There is blood in the waters as brands enter a phase of fighting to retain there dominance. That is according to the IDC Q2 2018 smartphone sales report.
Over the past year or so IDC global smartphone sales reports have seen the same Samsung, Apple, Huawei, OPPO, Xiaomi placing. In fact, for the past seven years, it has been Samsung and Apple vying for the top spot.
But this time its chaos (all figures are year-over-year)
- Samsung maintains number one spot but loses some ground down 10.9%
- Apple loses the second spot barely registering a growth of .7%
- Huawei takes Apple’s spot with an astounding 40.9% growth
- Xiaomi (pronounced ‘Show Me’) gains an incredible 48.8% growth
- OPPO manages 5.1%” growth
All in a relatively stagnant market that declined 1.8% – the third year of consecutive drops.
IDC says that while global growth is down in a mathematical sense, some emerging high-growth markets skew the results. The smartphone market is well and truly saturated. The only way to get ahead is to eat someone else’s lunch.
|Vendor||2Q18 Shipments||2Q18 Market Share||2Q17 Shipments||2Q17 Market Share||Year-Over-Year Change|
|Source: IDC Worldwide Quarterly Mobile Phone Tracker, July 31, 2018|
IDC Q2 2018 smartphone sales – blood in the water. Why is this so?
Ryan Reith, program vice president with IDC’s Worldwide Mobile Device Trackers comments.
The continued growth of Huawei is impressive as is its ability to move into markets where, until recently, the brand was mostly unknown.
Apple moved into the top position each of the last two holiday quarters following its product refresh. So, it’s likely we’ll see continued movement among the top-ranked companies in 2018 and beyond.
For most markets, the ultra-high end ($700+) competition is mostly a combination of Apple, Samsung, and Huawei, depending on the geography. This is unlikely to change much in the short term.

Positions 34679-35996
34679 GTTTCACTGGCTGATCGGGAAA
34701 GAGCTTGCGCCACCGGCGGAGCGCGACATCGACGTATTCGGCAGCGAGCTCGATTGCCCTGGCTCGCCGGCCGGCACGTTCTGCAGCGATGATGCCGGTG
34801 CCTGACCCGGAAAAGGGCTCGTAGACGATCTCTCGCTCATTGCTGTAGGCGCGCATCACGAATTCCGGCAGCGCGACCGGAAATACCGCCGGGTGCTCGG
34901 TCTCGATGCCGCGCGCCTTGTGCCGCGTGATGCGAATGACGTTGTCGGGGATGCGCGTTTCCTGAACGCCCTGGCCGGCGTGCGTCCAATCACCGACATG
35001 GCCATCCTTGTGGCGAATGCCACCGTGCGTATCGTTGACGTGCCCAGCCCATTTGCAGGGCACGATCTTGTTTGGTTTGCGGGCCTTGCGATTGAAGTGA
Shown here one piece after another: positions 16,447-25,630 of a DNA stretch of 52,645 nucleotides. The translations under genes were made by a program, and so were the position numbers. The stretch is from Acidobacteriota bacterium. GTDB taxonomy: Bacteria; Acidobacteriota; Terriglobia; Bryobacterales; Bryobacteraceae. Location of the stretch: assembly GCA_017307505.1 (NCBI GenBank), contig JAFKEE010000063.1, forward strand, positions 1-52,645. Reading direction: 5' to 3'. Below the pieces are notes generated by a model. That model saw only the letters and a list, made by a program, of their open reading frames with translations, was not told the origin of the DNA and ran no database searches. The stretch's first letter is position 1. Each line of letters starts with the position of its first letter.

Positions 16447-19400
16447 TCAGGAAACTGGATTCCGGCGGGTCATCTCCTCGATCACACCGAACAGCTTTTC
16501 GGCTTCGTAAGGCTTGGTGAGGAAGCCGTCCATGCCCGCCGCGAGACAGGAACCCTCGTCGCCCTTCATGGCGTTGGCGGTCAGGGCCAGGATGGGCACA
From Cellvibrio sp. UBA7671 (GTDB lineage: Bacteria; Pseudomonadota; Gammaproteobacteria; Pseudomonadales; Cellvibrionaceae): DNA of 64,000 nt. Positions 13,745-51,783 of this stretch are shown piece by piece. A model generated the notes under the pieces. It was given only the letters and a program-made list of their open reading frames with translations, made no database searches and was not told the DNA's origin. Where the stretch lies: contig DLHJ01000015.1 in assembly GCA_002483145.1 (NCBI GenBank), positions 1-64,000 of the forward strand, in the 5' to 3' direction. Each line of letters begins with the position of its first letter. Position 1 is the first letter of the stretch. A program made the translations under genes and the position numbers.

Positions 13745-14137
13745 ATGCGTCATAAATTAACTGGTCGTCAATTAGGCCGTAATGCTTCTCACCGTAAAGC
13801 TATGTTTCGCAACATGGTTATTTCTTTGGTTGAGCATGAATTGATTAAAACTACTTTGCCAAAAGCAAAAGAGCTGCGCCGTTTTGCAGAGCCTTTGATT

At the same time, Xiaomi, OPPO, and vivo are all slowly pushing their customer base upstream at a price tier slightly lower than the top three. This is an area they should all watch carefully as the builds in this segment are getting increasingly more advanced.
Until now flagship class smartphones have accounted for less than 10% of unit sales. The top five all need a flagship phone to show what they are capable of – to excite. Huawei’s P20 Pro, Samsung’s S9/+ and Apple’s iPhone X are all excellent devices. OPPO has released the Find X that may well earn our top commendation too.
Of course, Apple only makes flagship phones and then discounts its older models to compete in the mid-tier. This does not generate volume – it generates profit. No one can dispute Apple’s profitability as it squeezes more than 3.5 times the average profit per iPhone sale.
The real action is in entry-level (Under $200), mass market ($200-499) and mid-market ($500-999)
Unfortunately, these markets have profit margins measured in single digits. It is all about volume.
Xiaomi has followed an aggressive expansion into high growth markets like India and Asia. Here better specified, perhaps more innovative products and lower prices have seen it cannibalise Samsung’s offerings.
OPPO has grown but not at the same rate as it did to rise from obscurity a few years ago to a top-five vendor. Its growth has come from Australia, the Middle East and Africa. Its Find X is an innovative flagship phone aimed squarely at Samsung, Apple and Huawei. With the incredible brand loyalty it has built it may just succeed.
Michael Tran, Managing Director of OPPO Australia says this is because consumer purchasing habits and views are shifting on smartphones, and OPPO is listening. “Both globally and locally here in Australia we’re definitely seeing a trend where consumers are realising premium does not have to mean pricey. Increasingly Aussie consumers are prioritising affordable devices with all the features they expect in a flagship phone. OPPO is offering just that – and more, which has been key to our growth.”
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